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Utilization of Biomarker Data for Clinical and Environmental Intervention
David C. Christiani
Environmental Health Perspectives
Vol. 104, Supplement 5 (Oct., 1996), pp. 921-925
Published by: The National Institute of Environmental Health Sciences
Stable URL: http://www.jstor.org/stable/3433011
Page Count: 5
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Of the 189 air toxics listed in the Clean Air Act, a substantial number are important in potentially causing adverse health effects in several organ systems. Although the major health effects are manifested as respiratory diseases, especially airways disease, these agents may cause cancer and premature mortality, probably from cardiopulmonary disease. Validated biologic markers may be useful in identifying early effects to improve our understanding of exposure-response relationships and clarify susceptibility. However, the knowledge obtained from epidemiologic studies utilizing these new molecular tools will reduce morbidity and mortality from air toxics only when they can be applied effectively in the prevention and control of disease. Intervention strategies using these markers can be used to identify etiologic factors and assess the effectiveness of exposure reduction, and, in some instances, chemoprevention. This paper illustrates examples of these intervention strategies and reviews the current strengths and limitations of environmental molecular epidemiology in controlling disease caused by air toxics.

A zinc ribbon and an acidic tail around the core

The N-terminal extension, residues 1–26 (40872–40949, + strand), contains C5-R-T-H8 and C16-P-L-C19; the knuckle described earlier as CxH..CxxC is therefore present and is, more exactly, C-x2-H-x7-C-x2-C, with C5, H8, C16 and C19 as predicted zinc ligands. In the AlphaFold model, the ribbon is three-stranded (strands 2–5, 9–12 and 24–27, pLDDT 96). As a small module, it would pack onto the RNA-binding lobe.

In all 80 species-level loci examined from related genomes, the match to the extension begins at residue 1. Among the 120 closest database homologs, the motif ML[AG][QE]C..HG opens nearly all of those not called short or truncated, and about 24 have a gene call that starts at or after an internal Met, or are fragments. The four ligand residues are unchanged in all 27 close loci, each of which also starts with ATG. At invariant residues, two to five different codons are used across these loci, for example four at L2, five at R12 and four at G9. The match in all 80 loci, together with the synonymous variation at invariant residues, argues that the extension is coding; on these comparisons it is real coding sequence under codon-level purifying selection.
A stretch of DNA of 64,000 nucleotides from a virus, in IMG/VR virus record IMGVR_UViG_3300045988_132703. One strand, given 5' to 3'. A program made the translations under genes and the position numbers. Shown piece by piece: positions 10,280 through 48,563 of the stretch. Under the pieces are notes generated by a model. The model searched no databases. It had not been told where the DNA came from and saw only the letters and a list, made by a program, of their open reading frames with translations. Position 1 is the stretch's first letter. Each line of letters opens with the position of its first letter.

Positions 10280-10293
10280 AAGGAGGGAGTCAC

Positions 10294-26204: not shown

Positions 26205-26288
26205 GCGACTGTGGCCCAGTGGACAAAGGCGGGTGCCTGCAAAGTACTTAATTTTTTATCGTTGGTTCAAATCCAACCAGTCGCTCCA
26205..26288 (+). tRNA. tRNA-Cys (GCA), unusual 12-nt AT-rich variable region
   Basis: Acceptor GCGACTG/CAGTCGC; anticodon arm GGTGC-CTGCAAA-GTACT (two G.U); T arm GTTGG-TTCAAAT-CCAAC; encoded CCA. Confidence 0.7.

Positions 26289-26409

Environmental Health Perspectives © 1996 The National Institute of Environmental Health Sciences